But this is where it gets interesting. 6L6's (vacuum tubes used in all the early Fender guitar amps) were very expensive and very rare in the UK. Part of the reason for that is when RCA invented the 6L6, in 1936; they patented what they called a "beam power tetrode". It had beam-forming plates and was designed by RCA basically for cinema amplifiers. It was not a full pentode because it did not have a suppressor grid. And a year later they came out with a tube that was specially designed for car radios called the 6V6, which was a little brother to the 6L6. They both were beam power tetrodes that were developed by RCA. Well, that became the standard output tube for audio amplifiers in the United States, and that's what Fender used in all of his amplifiers and everyone else did over on this side of the pond.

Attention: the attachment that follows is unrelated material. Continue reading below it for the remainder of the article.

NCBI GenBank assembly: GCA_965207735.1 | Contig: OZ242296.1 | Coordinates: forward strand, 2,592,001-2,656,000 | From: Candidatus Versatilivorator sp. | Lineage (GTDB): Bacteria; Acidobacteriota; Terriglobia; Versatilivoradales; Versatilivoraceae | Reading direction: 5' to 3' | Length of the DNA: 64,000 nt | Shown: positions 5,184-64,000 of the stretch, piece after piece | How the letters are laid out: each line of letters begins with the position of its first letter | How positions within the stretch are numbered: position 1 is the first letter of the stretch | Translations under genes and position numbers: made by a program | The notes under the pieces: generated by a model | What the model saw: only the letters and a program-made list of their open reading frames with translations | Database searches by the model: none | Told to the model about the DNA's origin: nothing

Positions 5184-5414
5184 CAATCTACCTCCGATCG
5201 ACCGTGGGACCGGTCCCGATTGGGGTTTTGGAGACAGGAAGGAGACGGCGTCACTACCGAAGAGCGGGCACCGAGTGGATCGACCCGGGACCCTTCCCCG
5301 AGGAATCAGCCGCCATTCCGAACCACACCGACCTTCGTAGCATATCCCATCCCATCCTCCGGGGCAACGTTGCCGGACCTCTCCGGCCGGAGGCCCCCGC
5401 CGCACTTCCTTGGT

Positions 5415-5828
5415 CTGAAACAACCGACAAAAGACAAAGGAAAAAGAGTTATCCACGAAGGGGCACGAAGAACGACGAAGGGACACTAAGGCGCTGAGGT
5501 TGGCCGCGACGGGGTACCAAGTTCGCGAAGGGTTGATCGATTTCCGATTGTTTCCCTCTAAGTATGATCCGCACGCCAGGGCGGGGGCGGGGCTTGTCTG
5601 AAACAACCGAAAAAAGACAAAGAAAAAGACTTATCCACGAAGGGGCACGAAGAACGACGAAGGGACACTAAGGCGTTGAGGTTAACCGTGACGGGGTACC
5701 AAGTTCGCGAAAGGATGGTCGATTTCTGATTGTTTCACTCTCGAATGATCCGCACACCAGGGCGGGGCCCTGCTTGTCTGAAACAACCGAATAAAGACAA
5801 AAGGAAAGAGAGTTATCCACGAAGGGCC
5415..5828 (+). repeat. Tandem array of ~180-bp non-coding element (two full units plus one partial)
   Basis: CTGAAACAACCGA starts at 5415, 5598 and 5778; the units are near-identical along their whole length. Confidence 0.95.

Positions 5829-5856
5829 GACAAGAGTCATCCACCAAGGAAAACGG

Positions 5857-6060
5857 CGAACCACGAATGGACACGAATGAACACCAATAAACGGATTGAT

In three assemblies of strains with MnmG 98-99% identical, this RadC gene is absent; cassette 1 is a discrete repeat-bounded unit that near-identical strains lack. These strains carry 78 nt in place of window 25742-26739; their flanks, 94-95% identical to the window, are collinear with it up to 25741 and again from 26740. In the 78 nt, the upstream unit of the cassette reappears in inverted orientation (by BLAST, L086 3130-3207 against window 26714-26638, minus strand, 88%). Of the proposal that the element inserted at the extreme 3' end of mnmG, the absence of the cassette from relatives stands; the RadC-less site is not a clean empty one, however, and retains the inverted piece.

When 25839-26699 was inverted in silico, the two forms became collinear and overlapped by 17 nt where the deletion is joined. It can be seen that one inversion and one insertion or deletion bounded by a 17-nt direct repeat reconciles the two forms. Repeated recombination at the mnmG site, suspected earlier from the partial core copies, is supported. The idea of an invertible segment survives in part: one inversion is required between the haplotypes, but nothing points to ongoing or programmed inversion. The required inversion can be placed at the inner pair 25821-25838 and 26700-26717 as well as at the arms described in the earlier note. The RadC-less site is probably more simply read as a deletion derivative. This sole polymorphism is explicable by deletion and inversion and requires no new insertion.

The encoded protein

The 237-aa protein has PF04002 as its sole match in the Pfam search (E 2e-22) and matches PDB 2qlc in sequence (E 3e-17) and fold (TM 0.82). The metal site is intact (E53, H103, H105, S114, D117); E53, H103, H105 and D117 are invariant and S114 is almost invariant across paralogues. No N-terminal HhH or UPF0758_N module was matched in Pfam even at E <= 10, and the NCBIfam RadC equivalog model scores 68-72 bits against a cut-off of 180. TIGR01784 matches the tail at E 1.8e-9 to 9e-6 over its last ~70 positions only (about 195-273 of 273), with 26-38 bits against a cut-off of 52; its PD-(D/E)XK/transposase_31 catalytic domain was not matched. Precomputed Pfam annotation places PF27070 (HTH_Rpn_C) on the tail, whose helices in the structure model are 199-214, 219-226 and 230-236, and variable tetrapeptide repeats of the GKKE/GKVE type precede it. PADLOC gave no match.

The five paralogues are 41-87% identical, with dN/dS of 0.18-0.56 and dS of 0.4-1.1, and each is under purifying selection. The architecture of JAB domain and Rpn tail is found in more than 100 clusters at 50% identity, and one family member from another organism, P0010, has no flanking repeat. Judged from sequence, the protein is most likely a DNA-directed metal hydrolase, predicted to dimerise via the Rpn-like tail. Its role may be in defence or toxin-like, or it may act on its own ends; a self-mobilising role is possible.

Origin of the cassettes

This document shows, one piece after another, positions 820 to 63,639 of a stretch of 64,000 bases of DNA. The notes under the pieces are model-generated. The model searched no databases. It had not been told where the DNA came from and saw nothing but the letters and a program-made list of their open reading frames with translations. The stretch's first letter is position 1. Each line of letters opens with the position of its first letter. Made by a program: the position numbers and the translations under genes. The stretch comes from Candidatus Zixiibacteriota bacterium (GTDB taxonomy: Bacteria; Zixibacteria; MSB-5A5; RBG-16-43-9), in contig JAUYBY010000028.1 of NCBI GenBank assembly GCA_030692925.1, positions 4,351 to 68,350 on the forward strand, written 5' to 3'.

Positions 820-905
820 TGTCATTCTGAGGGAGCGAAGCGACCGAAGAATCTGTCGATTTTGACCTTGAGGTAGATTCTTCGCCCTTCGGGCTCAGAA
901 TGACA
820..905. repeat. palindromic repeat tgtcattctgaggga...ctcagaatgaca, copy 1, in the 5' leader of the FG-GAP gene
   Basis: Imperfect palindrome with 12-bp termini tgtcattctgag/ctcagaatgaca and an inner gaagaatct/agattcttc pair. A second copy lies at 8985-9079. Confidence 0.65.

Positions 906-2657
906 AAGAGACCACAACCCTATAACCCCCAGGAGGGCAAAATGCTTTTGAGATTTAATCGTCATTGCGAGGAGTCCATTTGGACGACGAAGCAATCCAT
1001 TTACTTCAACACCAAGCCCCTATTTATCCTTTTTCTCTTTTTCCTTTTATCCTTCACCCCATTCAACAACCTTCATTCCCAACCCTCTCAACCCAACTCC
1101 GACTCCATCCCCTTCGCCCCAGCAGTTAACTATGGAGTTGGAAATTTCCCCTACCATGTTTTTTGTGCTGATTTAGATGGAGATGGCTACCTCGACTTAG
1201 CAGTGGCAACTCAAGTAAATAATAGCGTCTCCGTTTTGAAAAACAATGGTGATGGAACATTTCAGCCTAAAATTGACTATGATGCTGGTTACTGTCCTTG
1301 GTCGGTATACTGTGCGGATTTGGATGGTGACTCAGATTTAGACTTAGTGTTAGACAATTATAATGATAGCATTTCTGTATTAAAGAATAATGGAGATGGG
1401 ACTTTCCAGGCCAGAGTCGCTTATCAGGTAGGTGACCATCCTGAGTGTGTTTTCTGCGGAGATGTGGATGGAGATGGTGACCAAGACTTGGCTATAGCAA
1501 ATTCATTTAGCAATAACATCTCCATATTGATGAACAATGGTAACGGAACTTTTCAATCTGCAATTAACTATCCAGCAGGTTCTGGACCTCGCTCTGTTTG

But in Europe, Philips was the big dog in the tube business, so after WWII they told their engineers to develop a tube that was at least the equivalent or better than the RCA 6L6 and 6V6. And to get around the RCA patents that were still valid in the late '40s, instead of using a beam power tetrode as RCA did, they made the tubes a full pentode. One of the things about a pentode is it has slightly more gain than a tetrode. And the EL34 requires about 32 volts to drive it wide open or to drive it into saturation. And because of the 6L6s particular characteristics, it requires about 52 volts to turn the tube fully on.
Look for me inside your Marshall